Friday, July 13, 2012

Much Ado About ... Clothing?!

So, apparently Congress has nothing better to do than worry about what the U.S. Olympic Team is wearing.  So much so, in fact, that John Boehner crossed the aisle to join Nancy Pelosi and Harry Reid in speaking out yesterday, attacking the USOC’s choice regarding the athletes’ outfits.

One can just picture Gopher and Doc
standing on the podium.  (AP Photo)
So what has their collective panties in such a bunch?  Is it that they prefer American athletes to not look like French athletes (a la berets)?  Is it that they object to the athletes looking like part of the crew of the Love Boat??  No, what is apparently so absolutely unconscionable, on a level warranting the scorn and condemnation of federal policymakers is that their outfits were manufactured by Ralph Lauren…in CHINA!

Setting aside the numerous follies and fallacies of mercantilist protectionism, what strikes me about this is these people’s ignorance of the basic economic principles of tradeoffs.  This doesn’t surprise me, mind you, given their repeated demonstration of ignorance and/or stupidity regarding any number of basic economic principles.  But even a very basic thought-experiment that follows from the huffing and puffing of these Congressional blowhards shows the shortsightedness of their suggested remedies.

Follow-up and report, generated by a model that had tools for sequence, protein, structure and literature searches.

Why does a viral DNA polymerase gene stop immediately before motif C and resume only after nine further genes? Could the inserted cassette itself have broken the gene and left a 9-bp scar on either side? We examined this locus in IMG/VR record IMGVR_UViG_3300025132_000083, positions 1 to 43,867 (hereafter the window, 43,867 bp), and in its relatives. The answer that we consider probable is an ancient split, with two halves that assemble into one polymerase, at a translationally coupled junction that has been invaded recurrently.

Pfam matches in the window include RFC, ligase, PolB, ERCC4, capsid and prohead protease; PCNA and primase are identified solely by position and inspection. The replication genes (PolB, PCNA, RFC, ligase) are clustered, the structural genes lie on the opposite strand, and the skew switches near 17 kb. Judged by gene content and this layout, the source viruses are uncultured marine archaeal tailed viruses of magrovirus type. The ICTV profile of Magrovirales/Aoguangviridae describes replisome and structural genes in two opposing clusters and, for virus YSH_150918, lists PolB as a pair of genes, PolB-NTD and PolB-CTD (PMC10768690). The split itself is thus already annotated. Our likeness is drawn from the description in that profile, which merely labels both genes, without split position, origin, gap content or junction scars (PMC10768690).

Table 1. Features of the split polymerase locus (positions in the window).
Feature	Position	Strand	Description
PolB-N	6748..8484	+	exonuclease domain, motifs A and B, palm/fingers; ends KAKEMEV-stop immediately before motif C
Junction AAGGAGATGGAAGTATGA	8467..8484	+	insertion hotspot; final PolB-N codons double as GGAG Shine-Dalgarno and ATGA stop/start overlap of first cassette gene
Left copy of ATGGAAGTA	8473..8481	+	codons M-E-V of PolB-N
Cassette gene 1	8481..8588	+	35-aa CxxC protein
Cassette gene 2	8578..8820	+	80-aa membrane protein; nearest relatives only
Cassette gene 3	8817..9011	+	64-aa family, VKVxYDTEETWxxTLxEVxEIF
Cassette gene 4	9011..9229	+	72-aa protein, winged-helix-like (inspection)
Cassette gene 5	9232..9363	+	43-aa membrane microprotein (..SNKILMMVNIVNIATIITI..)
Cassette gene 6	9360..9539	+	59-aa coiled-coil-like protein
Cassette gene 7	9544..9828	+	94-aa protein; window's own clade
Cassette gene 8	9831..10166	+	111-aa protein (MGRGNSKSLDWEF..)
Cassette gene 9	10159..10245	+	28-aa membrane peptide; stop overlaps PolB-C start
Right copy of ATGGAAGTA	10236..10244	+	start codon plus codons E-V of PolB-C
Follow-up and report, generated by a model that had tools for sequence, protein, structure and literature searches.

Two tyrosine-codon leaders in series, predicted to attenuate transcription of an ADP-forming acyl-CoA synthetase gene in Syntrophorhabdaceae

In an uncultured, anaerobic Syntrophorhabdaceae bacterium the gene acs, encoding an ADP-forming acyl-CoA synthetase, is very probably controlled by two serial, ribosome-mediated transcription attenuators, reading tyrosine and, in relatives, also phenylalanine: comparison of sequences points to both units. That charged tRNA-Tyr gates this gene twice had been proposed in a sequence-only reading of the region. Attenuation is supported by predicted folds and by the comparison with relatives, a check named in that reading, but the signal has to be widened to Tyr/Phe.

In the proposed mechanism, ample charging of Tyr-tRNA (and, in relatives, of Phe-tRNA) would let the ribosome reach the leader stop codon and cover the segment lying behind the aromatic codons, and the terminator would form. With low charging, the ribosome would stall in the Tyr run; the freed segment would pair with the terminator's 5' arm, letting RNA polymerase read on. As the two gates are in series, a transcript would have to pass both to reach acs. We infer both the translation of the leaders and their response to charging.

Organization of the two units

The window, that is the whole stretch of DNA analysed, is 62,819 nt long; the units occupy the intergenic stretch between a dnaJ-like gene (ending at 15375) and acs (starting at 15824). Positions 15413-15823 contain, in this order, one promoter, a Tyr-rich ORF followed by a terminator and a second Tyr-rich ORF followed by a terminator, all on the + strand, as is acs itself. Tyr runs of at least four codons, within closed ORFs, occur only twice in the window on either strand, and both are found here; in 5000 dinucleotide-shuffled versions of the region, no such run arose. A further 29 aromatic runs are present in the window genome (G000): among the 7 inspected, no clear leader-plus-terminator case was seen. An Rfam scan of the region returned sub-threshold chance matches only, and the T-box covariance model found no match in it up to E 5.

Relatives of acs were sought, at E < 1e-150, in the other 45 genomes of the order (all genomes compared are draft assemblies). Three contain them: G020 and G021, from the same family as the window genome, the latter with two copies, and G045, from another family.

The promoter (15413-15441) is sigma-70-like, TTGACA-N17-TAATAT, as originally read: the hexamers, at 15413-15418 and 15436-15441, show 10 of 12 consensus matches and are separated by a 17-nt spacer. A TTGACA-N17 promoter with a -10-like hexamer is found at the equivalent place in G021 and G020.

First thing to note is that the USOC is a private, non-profit organization.  They face very real economic tradeoffs on how to spend donors’ contributions.  So, when one examines Harry Reid’s suggestion to burn these outfits and start over (or even if one wants to examine the generalized, hypothetical case of “The USOC should have known better and bought American from the start”), one must ask the question, “At what cost?”

So what is the opportunity cost of going with American-made outfits?  The short answer is:  whatever else the USOC could have spent the money on that they saved by going with the CHinese-made outfits.  The most obvious and impactful example is training.  Should the USOC forego some valuable athlete training in order to pay more for outfits??  That strikes me as a dubious tradeoff, but regardless, if that's what the USOC wanted to do, then good for them.  But I don't have any problem with them choosing to use their money as wisely as they see fit (just like any other private citizen or group).  And before anyone in Congress criticizes what a private organization or person spends their OWN money on, they really should think about that old adage regarding glass houses and throwing stones, given the frivolous things they choose to spend OTHER PEOPLE'S money on!

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